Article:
Have you ever got excited about a game only to find out that it’s not being released in your
area? Have you ever wondered why that is? If it’s popular in one country, then it should be
popular everywhere, right? Or have you ever wondered why some games are much more
popular in certain countries than others? Today we’re going to be delving into localization in
games to answer these questions and more. Let’s take a look.
Eastern MMOs and Their Issues in Western Markets
Many industry leaders have noted that Eastern MMOs don’t tend to do as well in Western
markets, but why is this? A lot of it has to do with the different preferences and expectations of
For example, ArcheAge was a resounding success in Eastern markets but failed to hold the
attention of Western players, despite it being a great game. Why? Because players in Eastern
markets are much more comfortable with “pay to win” practices in games. Players in the west
have been historically resistant to games that allow players to pay real-world money to get
ahead. To combat this issue and appeal to western audiences, game publisher Trion released a
new version of the game called ArcheAge Unchained, which focuses on fairer gameplay. It’s
this version of the game that has become very successful in the west.
In truth, this issue isn’t quite as simple as “eastern audiences will pay to win and western
audiences won’t.” Many popular games in western markets have pay to win elements and
players are largely happy with them. For example, in World of Warcraft, players can buy a WoW
Token with real money and then sell it on the in-game auction house for Gold. Players use this
gold to buy better items in the game to help them win.
Some players prefer to be more direct and buy WoW gold straight from online marketplaces like
Eldorado where they can take advantage of competitive prices. They also buy WoW gear from
these marketplaces to help them get ahead. Therefore, it’s probably more accurate to say that
western audiences don’t like overtly pay to win games. They are happy with some pay to win
elements, as long as the playing field is relatively even and skilled players can still rise to the
Why Do Some Games Stay in Their Native Languages
Many players say they prefer to play a game in the game’s original language. Some Japanese
games don’t even attempt to translate the game to English (using dubs), or other languages, but
why? It’s not that these game designers don’t think a game will do well in other countries, it’s
that they want to protect the integrity of the game.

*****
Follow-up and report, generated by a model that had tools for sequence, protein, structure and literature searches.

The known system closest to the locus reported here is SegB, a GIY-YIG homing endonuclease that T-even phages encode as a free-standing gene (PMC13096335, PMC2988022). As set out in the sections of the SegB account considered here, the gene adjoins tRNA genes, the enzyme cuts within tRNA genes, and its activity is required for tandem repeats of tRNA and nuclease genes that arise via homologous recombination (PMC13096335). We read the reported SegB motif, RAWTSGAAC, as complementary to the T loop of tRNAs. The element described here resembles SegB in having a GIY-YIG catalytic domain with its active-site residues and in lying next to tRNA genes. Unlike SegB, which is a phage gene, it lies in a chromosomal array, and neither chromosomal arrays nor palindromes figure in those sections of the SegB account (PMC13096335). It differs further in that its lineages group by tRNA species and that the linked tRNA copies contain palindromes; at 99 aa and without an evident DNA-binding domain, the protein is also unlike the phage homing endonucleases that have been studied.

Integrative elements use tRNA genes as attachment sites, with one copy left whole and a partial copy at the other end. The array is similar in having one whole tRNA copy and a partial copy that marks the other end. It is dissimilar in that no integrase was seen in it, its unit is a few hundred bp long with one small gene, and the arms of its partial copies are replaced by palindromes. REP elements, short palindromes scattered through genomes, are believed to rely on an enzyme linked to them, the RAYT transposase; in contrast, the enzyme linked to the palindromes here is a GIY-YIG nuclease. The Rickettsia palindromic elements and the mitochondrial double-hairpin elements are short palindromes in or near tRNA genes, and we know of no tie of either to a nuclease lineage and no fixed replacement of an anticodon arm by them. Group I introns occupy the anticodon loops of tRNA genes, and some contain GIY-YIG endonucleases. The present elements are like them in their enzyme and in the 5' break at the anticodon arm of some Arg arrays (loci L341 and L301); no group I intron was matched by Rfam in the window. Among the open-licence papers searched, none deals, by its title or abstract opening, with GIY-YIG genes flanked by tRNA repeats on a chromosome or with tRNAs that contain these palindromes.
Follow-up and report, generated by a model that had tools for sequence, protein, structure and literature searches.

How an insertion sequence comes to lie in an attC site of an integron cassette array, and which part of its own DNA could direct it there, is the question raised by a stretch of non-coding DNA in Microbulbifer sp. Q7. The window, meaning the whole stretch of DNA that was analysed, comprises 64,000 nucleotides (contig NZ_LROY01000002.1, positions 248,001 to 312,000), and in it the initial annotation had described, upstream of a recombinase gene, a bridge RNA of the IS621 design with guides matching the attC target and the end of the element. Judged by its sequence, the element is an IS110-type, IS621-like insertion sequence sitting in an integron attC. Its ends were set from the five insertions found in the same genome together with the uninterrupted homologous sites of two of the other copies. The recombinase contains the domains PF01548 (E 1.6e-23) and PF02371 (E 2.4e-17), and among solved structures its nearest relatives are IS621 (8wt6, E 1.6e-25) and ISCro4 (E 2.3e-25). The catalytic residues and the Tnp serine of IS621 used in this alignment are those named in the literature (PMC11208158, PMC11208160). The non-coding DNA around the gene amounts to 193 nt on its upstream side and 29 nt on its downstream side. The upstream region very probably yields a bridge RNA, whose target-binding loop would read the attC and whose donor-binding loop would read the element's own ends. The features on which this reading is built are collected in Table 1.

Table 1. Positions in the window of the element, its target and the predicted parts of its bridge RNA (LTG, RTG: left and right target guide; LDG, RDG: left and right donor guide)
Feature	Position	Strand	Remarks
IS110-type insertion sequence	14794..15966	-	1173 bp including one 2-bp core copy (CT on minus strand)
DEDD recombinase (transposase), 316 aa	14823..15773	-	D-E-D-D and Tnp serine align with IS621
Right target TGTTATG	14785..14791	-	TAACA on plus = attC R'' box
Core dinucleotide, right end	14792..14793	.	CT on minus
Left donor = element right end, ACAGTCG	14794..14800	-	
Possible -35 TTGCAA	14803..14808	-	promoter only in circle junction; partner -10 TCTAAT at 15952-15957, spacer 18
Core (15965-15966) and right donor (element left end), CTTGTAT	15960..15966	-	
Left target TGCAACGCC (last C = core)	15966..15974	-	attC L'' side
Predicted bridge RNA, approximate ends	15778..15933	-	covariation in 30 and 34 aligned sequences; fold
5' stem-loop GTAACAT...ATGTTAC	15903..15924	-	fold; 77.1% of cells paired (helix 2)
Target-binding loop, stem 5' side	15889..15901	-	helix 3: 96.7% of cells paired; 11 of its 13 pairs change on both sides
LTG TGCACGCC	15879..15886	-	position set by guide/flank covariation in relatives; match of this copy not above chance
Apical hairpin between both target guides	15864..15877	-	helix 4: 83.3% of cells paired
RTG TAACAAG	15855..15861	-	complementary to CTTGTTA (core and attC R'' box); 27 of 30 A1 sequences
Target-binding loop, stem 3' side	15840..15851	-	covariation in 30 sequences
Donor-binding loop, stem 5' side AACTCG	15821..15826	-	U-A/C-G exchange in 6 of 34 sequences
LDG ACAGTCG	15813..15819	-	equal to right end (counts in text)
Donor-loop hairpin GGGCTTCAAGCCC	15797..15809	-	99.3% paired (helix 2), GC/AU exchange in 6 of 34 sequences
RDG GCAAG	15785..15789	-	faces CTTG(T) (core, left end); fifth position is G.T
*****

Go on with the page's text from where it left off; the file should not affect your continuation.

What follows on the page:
A lot of games are translated into English first and then translated from English into other
European languages. As a result, a lot can be lost in translation.
Other times, translations can feel awkward. The Japanese game Persona 5 has been criticized
in the west for the dialogue sounding stunted. The characters often feel hollow. This criticism
isn’t said about the Japanese version though. Issues with translation can often come down to
the way translation is approaching. If you opt for a literal translation, then you get the exact
meaning, but often miss the subtext, style, and flow of a native sentence. The other method is to
just focus on the meaning of a line and try and find a similar way to convey that meaning in a
Many game designers don’t want the headache of getting translation right, so they opt to not
translate games at all.
Preparing Games For Different Audiences
Some aspects of game localization focus on preparing the game for new audiences. For
example, in China, it’s a cultural taboo to show skeletons and decaying bodies, and death must
be handled sensitively. When WoW, a game heavy in skeletons and even has an Undead race,
was brought to China, it had to be modified. The Undead race was modified to remove the
bones poking out of the skin. Skeletons on the floor were replaced with gravestones.
In the US, blood and gore are largely acceptable and encouraged in games so beyond the
rating, there’s very little incentive to reduce the amount of blood and gore in games. However, in
New Zealand and Australia, gore is monitored much more closely. If game designers want to
sell games in Oceania, then they need to either create an option to show less gore in the game
(reduce bleed effects, for example), or tone down the gore overall in the game.
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